Saturday, November 17, 2012
David's Birthday From a Guest's Perspective
Elton John threw a 50th-birthday party for his husband, David Furnish, and the invite weighed half a kilogram and was on such stiff cardboard I’ve recycled it as a paperweight. I agonized about accepting. Elton was generously picking up the hotel costs but there would be the airfare, the live-in dog-sitter and the awful question of what to wear at four parties graded variously as casual, evening gowns, boys’ club night and Elton’s Million Dollar Piano show in Las Vegas. Aeroplan wanted 160,000 points for a one-way Air Canada business-class ticket to L.A., which was the only way I’d get to carry a gown on board, so I took economy and upgraded cheaply the night before. Not that I’m poor but I’m not super-rich either. I dodged the birthday present question by making a donation to the Elton John AIDS Foundation.
You can bitch all you want about gay marriages but Mr. & Mr. Furnish-John do the work of saints. My Washington friend, TV commentator Laura Ingraham, would probably not have a single thing in common with the Johns except all are parents and haven’t got quite the comme il faut family structure. Elton and David have a son, Zachary, via a surrogate. Ms. Ingraham adopted Russian orphans Dmitri and Nikolai, plus Maria from Guatemala. Piquant really. Neither of them remotely resembles the “nuclear” family and both are working their behinds off to keep theirs and other people’s children happy and healthy. Laura’s a single mum and the Johns are what they are and what they are has, through their charities, helped thousands of young people with HIV/AIDS beat that wretched disease, which didn’t disappear with the 20th century so we could all move on to the next set of ribbons and initials.
After I looked at Zach’s room in the Johns’ new Los Angeles home with its owl and pussycat mirrors (he’s nearly 2 now), I got that sick feeling contemplating the choices I made in life. Not being able to conceive is no barrier to adoption unless you are fixated on your own progeny. I was also somewhat hung up on pushing my career forward and where exactly does that get a scribbler unless you skip the parties and are as talented as Margaret Atwood or as determined as J.K. Rowling? Big mistake and so now I’m the potty dog-lady.
“Casual?” emailed a London friend when I asked her what she was packing. “Is there such a thing in L.A. with David and Elton?” The evening gown was solved by a trip to the Room at the Bay. The Giambattista Valli dress was a leopard number with feathers, brown and white spotted ones, and I felt like Dame Edna but Joan Rivers told me I was the most elegant woman at the party, though I think she said that to all the girls. I forgot to tell her I was wearing her Shopping Channel Right to Bare Legs makeup which, in case you are my age and wondering what to do about that mottled leg effect you sneered at when you were young, is a godsend. Total cover-up and it doesn’t come off on skirts.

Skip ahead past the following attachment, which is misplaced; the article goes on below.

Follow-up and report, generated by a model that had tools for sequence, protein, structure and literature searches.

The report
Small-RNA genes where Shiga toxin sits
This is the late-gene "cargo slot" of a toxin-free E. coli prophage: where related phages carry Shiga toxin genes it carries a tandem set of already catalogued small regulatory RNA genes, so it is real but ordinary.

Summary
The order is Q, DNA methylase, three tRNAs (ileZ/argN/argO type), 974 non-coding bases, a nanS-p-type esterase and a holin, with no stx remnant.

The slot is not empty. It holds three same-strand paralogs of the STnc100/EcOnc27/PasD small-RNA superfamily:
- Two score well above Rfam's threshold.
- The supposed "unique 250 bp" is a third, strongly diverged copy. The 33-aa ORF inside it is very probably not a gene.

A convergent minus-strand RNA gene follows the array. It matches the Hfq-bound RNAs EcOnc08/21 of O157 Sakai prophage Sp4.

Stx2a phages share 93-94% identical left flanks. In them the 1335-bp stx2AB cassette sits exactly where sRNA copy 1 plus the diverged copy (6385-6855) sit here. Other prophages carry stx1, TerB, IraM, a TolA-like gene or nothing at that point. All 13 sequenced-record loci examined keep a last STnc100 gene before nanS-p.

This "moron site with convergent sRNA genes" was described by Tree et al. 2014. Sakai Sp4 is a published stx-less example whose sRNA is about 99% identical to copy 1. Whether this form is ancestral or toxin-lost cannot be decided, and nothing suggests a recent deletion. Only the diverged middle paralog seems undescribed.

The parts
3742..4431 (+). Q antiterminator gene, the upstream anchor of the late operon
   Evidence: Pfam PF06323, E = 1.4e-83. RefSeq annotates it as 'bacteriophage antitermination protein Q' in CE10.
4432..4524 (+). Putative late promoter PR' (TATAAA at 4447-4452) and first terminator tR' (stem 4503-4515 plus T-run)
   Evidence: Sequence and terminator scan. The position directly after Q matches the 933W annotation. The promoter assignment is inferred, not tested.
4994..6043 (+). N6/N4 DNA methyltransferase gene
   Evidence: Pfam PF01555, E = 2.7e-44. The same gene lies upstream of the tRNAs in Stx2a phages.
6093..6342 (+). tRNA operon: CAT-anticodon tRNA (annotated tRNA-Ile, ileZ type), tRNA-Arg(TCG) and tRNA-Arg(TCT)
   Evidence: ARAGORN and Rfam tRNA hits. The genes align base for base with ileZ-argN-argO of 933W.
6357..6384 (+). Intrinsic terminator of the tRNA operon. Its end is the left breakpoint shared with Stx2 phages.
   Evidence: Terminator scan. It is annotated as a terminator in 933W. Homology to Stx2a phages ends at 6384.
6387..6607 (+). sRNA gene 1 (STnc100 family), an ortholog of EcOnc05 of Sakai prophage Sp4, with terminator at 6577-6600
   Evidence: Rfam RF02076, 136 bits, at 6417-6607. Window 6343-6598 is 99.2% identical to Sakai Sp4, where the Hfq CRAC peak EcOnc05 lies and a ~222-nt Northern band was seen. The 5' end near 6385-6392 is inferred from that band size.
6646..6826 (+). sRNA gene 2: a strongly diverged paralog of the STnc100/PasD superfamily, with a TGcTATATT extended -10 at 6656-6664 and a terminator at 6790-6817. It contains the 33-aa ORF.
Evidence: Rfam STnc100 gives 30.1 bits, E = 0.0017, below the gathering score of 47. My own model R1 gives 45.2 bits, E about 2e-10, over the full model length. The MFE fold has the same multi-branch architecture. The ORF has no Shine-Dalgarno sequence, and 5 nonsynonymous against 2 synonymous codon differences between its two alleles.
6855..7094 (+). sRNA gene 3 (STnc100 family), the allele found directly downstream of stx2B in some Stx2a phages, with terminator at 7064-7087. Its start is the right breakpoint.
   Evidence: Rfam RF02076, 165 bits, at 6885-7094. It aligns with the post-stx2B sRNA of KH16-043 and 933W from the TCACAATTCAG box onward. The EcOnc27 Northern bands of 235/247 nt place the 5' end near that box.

Hair and makeup were done in my hotel room and unfortunately didn’t work out too well. I chucked the hideous little hair extension I had brought to pin over my thinning spots into the waste-paper basket never to be seen again. But as I had tipped housekeeping it reappeared, thoughtfully wrapped in tissue paper on my bed, when I came home that night. Gave me the willies—like finding the horse’s head from The Godfather on your pillow.
I asked about little Lev, the HIV-positive infant the Johns had planned to adopt till the veto of the Ukrainian government. “Elton’s supporting him through his grandmother,” said David. This couple doesn’t move on and forget—like the “pundits” who took swipes at Elton for wanting to adopt in the first place. David looked utterly Tom Ford in his Tom Ford black dinner jacket while later chatting face to face with Tom Ford, sadly not in front of mirrors or we could have had an infinite number of Fords. David’s parents were there, centre table, watching their son in the playground of the famous. It cannot be true they are sweet Gladys and Jack from Scarborough but so it is and a TV series could be played around them adrift in a sea of accomplished flamboyant gays.
My chance to hit the ultra-hip Greystone Manor club went missing when I checked out of the third day of partying, skedded to begin at 10 p.m., dress code “wear your shortest and sparkle.” The prospect of trying to keep up with 700 of the coolest gays in the world was slightly out of reach. The hit Disco Inferno—“burn baby burn”—had sent my hips twitching the night before at Elton’s after-dinner recreation of Studio 54 complete with semi-clothed dancers in cages. Much more and I would have been grounded for life’s remainder. I came back to Toronto instead to joyous jumps from the dogs. Arpad did his four-legged backwards hop and twist thing. Home and it’s Don Mills and that’s okay. Nice to be away but my canines needed me. “Burn babies burn,” I said to them and they wiggled.